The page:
“I wanted to come and share with you the biggest thing that’s going to happen this year — the budget,” Knight said.
He said the state and its constituent entities must have balanced budgets, so he described the sources of revenue and what the monies are spent on. Forty-six percent of revenue comes from the state income tax, 30 percent from sales taxes, 9 percent from the lottery and motor fuel tax, 5 percent from corporate taxes and 10 percent from other sources.
Forty-six to 47 percent of state revenues are spent on education and 20 percent is spent on health care. Public safety only takes up 8 percent, while 5 percent is used to pay off state bonds. The remaining 40-odd state agencies consume the rest.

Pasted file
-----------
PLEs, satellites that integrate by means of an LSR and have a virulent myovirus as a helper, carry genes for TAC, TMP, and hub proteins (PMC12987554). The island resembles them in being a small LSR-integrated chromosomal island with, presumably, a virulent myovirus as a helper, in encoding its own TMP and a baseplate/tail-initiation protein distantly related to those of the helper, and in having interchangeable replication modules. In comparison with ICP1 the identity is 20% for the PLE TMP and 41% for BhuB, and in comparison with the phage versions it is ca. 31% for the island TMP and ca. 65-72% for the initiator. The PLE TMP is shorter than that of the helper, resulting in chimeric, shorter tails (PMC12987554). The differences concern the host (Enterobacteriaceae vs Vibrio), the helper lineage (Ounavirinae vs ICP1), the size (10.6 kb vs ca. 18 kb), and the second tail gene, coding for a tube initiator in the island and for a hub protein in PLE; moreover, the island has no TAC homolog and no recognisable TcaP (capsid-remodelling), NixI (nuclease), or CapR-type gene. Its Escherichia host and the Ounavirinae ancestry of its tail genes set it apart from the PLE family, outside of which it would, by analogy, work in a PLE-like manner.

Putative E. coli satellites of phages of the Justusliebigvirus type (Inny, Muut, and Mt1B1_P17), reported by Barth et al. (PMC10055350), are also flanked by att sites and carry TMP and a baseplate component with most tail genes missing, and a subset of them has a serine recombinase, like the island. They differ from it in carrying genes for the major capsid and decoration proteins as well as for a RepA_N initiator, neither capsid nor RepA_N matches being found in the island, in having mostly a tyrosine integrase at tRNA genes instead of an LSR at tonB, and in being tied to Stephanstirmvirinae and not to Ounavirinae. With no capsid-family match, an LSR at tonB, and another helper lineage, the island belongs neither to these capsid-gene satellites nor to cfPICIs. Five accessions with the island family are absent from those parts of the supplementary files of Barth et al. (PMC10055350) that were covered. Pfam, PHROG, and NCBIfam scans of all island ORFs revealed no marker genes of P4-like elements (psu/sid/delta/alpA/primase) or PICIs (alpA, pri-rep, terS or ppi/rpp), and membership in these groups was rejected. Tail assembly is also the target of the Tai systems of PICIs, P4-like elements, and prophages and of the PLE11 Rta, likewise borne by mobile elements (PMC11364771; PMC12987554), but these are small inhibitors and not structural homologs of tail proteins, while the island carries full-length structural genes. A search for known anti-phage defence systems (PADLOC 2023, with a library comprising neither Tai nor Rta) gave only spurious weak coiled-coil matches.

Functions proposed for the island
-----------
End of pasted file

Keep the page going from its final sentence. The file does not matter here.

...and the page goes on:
He said transportation will be a big issue in the coming session. The current model has produced some good roads but needs to be revised. In particular, a new revenue source is needed.
Douglas agreed that the budget will be the big issue.
Douglas said 8 percent cuts are expected for all state agencies in January, before work on the fiscal year 2011 budget begins. Revenue projections are 14 percent less than they were last year. He expects $2 billion in additional cuts, ultimately leaving the state with a $14 billion budget — less than it had in fiscal year 2004, when the state had 900,000 fewer people.
He said as far as employment is concerned, furloughs are better than layoffs, since furloughed employees still have their health insurance and other benefits.
He also predicted transportation would be a major issue in the coming year.
Yates said despite all the cuts, the state has a AAA bond rating, meaning it can borrow money on more favorable terms than other states.
However, he said the proposed federal health-care reform would lead to Medicare and Medicaid cuts that the state would have to make up for.